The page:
Get ready for China’s EV offensive

April 12, 2018 by  
Filed under Business, Green

Comments Off on Get ready for China’s EV offensive

Chinese electric vehicle companies GAC Motor and Future Mobility are pressing the gas for a U.S. debut in the near future.

Read the original:
Get ready for China’s EV offensive

One of China’s largest car makers just broke ground on a $6.5 billion EV park

May 10, 2017 by  
Filed under Business, Eco, Green

Comments Off on One of China’s largest car makers just broke ground on a $6.5 billion EV park

Chinese automakers are getting in on the electric car market in a big way. GAC Motor – one of the country’s largest car companies – just began construction on a $6.5 billion electric vehicle park where they’ll produce self-driving and electric cars. Electrek noted this is one of the biggest investments of this nature. The Guangzhou Automobile Intelligent Industrial Park will sprawl across almost two square miles in Guangzhou’s Panyu district in the province of Guangdong . A press release states the employment population of the park will be over 20,000 people. At the park, a new electric car plant, which might be ready to go by the end of the next year, could churn out as many as 200,000 units a year. Related: Chinese company LeEco begins building $3 billion electric car factory GAC Motor General Manager Yu Jun said, “The planning and construction of this industrial park is a concrete step to implement the Chinese government’s green development goals for Guangdong and the national ‘Made in China 2025’ strategy. The move will help promote the development of the automobile industry and drive economic growth.” Research , development, and production will take place at the new industrial park. Electrek explained one reason for the huge investment is China’s electric vehicle mandate, which says at least eight percent of car makers’ total sales by 2018 should be electric vehicle sales, and increases to 10 percent in 2019 and 12 percent in 2020. The publication said China is rapidly becoming the world’s biggest electric vehicle market. GAC just unveiled the GE3, their first entirely electric car, at the North American International Auto Show this year. But they have grand ambitions for the upcoming years: Yu Jun also said in the next five years, they’ll release a minimum of seven new electric car models, saying, “Our goal is for GAC Motor to take the lead in the EV business.” Watch out, Elon Musk ! Via Electrek and GAC Group Images via GAC Motor Facebook and GAC Group

Excerpt from:
One of China’s largest car makers just broke ground on a $6.5 billion EV park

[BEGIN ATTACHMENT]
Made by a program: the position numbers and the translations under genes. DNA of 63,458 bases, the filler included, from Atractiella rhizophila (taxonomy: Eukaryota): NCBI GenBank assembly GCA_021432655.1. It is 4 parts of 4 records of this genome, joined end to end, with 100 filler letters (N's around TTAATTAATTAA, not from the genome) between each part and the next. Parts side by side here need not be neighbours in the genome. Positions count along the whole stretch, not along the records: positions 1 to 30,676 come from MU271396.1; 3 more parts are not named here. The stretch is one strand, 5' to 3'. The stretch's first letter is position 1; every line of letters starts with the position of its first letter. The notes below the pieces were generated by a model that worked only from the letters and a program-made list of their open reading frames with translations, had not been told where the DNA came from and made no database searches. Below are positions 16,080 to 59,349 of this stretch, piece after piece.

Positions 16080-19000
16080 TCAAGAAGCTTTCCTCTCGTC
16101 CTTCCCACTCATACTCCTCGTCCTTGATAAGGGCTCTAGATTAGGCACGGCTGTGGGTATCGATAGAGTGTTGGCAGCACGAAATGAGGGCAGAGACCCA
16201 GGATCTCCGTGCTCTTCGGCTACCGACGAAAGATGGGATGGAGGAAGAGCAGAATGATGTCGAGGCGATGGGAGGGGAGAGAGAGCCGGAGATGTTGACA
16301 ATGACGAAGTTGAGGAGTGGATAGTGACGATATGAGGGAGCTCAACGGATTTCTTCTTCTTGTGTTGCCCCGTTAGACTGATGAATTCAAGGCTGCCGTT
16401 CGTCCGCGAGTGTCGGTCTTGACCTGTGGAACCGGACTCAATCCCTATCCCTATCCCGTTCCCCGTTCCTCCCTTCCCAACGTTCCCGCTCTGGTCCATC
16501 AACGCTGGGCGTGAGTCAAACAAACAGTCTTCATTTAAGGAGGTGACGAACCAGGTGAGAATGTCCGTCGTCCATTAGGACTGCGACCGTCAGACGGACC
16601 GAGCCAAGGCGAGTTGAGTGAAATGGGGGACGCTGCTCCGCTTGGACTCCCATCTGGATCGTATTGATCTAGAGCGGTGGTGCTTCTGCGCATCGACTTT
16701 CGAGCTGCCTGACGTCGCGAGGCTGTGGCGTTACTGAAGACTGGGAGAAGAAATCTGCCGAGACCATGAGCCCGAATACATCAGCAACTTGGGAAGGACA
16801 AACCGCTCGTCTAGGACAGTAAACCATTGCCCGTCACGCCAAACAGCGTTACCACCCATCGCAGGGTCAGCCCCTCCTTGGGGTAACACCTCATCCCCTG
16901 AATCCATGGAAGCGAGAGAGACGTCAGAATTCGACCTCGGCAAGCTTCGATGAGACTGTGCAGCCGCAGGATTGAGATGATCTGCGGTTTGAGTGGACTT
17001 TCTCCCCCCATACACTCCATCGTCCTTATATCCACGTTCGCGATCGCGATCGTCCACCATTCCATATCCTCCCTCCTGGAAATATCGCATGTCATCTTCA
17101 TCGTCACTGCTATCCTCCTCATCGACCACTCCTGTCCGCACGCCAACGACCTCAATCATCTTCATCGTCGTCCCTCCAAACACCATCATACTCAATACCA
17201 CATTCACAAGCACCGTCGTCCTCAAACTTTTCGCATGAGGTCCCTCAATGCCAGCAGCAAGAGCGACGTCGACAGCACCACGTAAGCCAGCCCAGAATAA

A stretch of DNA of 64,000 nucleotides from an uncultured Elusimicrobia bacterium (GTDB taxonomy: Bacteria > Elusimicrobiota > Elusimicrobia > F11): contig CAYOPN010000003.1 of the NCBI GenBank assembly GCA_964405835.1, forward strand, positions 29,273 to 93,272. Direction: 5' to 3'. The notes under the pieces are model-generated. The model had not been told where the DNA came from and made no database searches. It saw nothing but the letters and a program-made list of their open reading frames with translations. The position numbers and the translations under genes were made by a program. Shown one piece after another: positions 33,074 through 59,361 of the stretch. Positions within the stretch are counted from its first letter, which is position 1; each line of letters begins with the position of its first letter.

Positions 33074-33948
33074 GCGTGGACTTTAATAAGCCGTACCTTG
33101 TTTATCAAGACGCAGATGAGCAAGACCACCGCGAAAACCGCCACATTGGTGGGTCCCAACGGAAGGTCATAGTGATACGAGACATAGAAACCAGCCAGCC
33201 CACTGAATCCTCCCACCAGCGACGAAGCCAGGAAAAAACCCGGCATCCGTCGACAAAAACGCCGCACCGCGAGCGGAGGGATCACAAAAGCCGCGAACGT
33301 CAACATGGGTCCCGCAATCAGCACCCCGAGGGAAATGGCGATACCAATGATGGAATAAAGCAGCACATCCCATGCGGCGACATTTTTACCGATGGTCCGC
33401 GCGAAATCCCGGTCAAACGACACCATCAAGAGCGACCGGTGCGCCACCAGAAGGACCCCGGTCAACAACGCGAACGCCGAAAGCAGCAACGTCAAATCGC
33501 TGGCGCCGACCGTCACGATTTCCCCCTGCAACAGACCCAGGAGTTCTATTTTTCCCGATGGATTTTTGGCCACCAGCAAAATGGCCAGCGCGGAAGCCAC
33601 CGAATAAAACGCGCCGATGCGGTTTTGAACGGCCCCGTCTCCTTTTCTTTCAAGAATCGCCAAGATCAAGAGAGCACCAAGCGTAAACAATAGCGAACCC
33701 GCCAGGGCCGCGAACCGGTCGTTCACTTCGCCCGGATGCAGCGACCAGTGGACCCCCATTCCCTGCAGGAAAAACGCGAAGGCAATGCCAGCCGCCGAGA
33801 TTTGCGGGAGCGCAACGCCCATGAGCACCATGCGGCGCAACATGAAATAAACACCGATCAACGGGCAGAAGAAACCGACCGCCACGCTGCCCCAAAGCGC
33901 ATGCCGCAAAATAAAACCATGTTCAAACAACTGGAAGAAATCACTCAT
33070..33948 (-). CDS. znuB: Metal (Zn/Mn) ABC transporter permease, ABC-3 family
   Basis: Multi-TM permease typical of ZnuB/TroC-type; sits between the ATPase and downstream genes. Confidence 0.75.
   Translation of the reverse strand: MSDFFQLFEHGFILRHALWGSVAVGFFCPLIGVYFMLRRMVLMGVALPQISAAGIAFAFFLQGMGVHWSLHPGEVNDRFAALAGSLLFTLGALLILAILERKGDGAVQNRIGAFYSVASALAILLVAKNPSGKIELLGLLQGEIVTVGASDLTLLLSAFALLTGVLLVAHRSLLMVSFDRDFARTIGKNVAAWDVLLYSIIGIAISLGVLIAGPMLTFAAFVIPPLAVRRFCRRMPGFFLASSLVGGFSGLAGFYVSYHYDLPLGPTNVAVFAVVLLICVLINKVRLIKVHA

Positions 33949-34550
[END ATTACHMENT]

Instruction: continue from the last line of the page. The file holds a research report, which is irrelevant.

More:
90-million-year-old embryo from ‘exceedingly rare’ Gigantoraptor discovered

May 10, 2017 by  
Filed under Eco, Green

Comments Off on 90-million-year-old embryo from ‘exceedingly rare’ Gigantoraptor discovered

Twenty-five years ago, a mysterious egg was discovered. For a good portion of that time, the unknown specimen that failed to hatch has been studied by paleontologists of the University of Calgary in Alberta, Canada. Finally, the dinosaur embryo has been identified and given a scientific name, and researchers say the discovery is more profound than they once thought. The study, published on May 9 in the journal Nature Communications , was co-led by researcher Darla Zelenitsky, an assistant professor of paleontology. She told Live Science in an email, “This is the first embryo known for a giant oviraptorosaur, dinosaurs that are exceedingly rare.” Additionally, it is the second known giant oviraptorosaur (B. sinensis) on record. 15 inches in length (38 centimeters), the embryo would have developed into a gigantic bird-like dinosaur with a toothless beak and a crest on top of its head. Another name for the dinosaur is Gigantoraptor, as it was a beast that stood as tall as 16 ft (5 meters). Reportedly, the two-legged dinosaurs look like modern-day cassowaries – large, flightless birds that live in Australia. Researchers believe B. sinensis measured up to 26 feet long from its snout to the end of its tail and weighed up to 6,600 lbs (3,000 kg) by the age of 11. This means it would have been 9 lbs by the time it hatched. The fossilized embryo was discovered by a Chinese farmer in Henan Province in 1992. One year later, it was exported to the U.S. by The Stone Co., a Colorado firm that sells fossils and rocks. After word spread that the embryo had been discovered, National Geographic featured it on a magazine cover in 1996. Related: World’s largest dinosaur footprint found in Australia’s “Jurassic Park” Enthralled by the discovery, people began calling the dinosaur embryo “Baby Louie.” The embryo representing a new species was eventually repatriated to China (2013) and put on display at the Henan Geological Museum. There, researchers flocked to study the intriguing discovery. After years of speculation and research, the 90-million-year-old embryo has finally been identified. + Nature Communications Via Live Science

Original post:
90-million-year-old embryo from ‘exceedingly rare’ Gigantoraptor discovered

Bad Behavior has blocked 1369 access attempts in the last 7 days.